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Published:December 31st, 2010 11:13 EST
50th Anniversary of The Magnificent Seven

50th Anniversary of The Magnificent Seven

By Garrett Godwin

They were seven - And they fought like seven hundred!

The Magnificent Seven is both a remake and an adaptation of 1954`s The Seven Samurai with Yul Brynner as the "Man of Black" known as Chris, Steve McQueen as Vin, along with Charles Bronson, James Coburn, and Robert Vaughn as gunfighters hired to defend Mexican villagers and free from oppression and tyranny.

The movie launched the careers of Brynner, McQueen, Bronson, Coburn, and Vaughn, and spawned the sequels Return of the Seven (1966), Guns of the Magnificent Seven (1969), and The Magnificent Seven Ride (1972); only Brynner reprise the role of the "Man in Black" for the second film, as his character was succeeded by George Kennedy and Lee Van Cleef.  The film also paved the way for a television series on CBS that lasted two seasons (1998-99) with Michael Biehn, Eric Close, Ron Perlman, Dale Midkiff, and Anthony Starke.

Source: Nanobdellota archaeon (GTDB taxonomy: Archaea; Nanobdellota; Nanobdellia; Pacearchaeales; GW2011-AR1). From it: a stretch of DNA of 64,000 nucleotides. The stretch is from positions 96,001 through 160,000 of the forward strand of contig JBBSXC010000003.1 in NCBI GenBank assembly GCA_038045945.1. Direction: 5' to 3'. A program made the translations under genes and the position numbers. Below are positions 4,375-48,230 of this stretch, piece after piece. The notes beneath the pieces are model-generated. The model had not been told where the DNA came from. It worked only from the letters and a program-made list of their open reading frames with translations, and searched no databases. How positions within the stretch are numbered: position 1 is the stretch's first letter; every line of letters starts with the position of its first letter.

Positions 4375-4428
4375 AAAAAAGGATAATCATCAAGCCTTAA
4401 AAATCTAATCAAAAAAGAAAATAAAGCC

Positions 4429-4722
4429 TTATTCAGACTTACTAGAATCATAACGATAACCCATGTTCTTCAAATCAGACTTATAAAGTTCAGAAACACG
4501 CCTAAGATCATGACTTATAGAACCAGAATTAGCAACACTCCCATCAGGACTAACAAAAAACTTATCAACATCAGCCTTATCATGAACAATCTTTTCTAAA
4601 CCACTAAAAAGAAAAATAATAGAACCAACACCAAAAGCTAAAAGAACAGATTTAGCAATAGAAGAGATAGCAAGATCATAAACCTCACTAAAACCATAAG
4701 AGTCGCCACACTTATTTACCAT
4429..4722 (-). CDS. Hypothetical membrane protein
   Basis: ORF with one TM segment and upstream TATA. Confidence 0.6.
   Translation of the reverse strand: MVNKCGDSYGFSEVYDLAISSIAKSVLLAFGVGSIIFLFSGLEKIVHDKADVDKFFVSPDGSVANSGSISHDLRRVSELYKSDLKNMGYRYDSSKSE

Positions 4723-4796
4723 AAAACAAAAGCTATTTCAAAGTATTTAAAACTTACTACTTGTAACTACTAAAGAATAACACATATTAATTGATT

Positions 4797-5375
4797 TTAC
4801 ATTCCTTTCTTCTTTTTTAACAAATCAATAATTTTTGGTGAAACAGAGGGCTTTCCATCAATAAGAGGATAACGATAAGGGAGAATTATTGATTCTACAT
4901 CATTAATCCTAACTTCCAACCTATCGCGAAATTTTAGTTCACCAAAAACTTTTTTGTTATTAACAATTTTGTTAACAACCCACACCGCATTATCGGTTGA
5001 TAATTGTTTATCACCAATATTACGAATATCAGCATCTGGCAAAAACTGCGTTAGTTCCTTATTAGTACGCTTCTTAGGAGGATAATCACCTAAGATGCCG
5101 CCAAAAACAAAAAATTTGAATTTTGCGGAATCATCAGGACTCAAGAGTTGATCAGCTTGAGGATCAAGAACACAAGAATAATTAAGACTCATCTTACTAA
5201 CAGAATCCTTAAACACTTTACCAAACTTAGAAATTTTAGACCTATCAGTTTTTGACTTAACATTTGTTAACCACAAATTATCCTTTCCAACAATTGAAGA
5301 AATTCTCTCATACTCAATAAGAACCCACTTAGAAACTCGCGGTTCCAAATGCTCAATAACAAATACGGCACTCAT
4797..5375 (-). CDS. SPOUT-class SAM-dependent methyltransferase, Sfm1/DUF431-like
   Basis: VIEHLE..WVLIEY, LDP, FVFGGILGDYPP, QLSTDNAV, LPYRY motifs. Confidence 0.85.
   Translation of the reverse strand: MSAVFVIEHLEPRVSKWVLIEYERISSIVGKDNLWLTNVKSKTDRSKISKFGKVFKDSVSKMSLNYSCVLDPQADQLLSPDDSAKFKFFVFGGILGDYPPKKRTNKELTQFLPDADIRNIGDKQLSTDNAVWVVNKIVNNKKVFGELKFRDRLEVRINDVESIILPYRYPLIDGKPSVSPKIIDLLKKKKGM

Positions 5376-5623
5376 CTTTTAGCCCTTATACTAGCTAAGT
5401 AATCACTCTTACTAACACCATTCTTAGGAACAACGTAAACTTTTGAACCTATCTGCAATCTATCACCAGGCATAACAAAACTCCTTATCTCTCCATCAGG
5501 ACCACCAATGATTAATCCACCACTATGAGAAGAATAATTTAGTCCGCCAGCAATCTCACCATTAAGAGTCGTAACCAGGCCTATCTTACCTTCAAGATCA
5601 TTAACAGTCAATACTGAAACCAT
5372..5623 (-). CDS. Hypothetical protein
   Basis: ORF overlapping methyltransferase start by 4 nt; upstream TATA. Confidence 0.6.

None of the sequels had the same impact as the original, however the series has remained a cult favorite among fans thanks to the show`s DVD release and cable reruns in recent years. 

The Magnificent Seven became the inspiration for NBC`s The A-Team (1983-87) from the late Stephen J. Cannell about four Vietnam veterans helping society`s underdogs while being hunted by the military as fugitives.  It also influenced the summer blockbuster The Expendables from Sly Stallone about a team of covert mercenaries hired to overthrow a ruthless dictator in South America.

The Magnificent Seven were latter-day Robin Hoods in the West because the plot remains the same: they ride to the rescue to bring liberty by law, freedom, and justice for people victimized by power, greed, and corruption.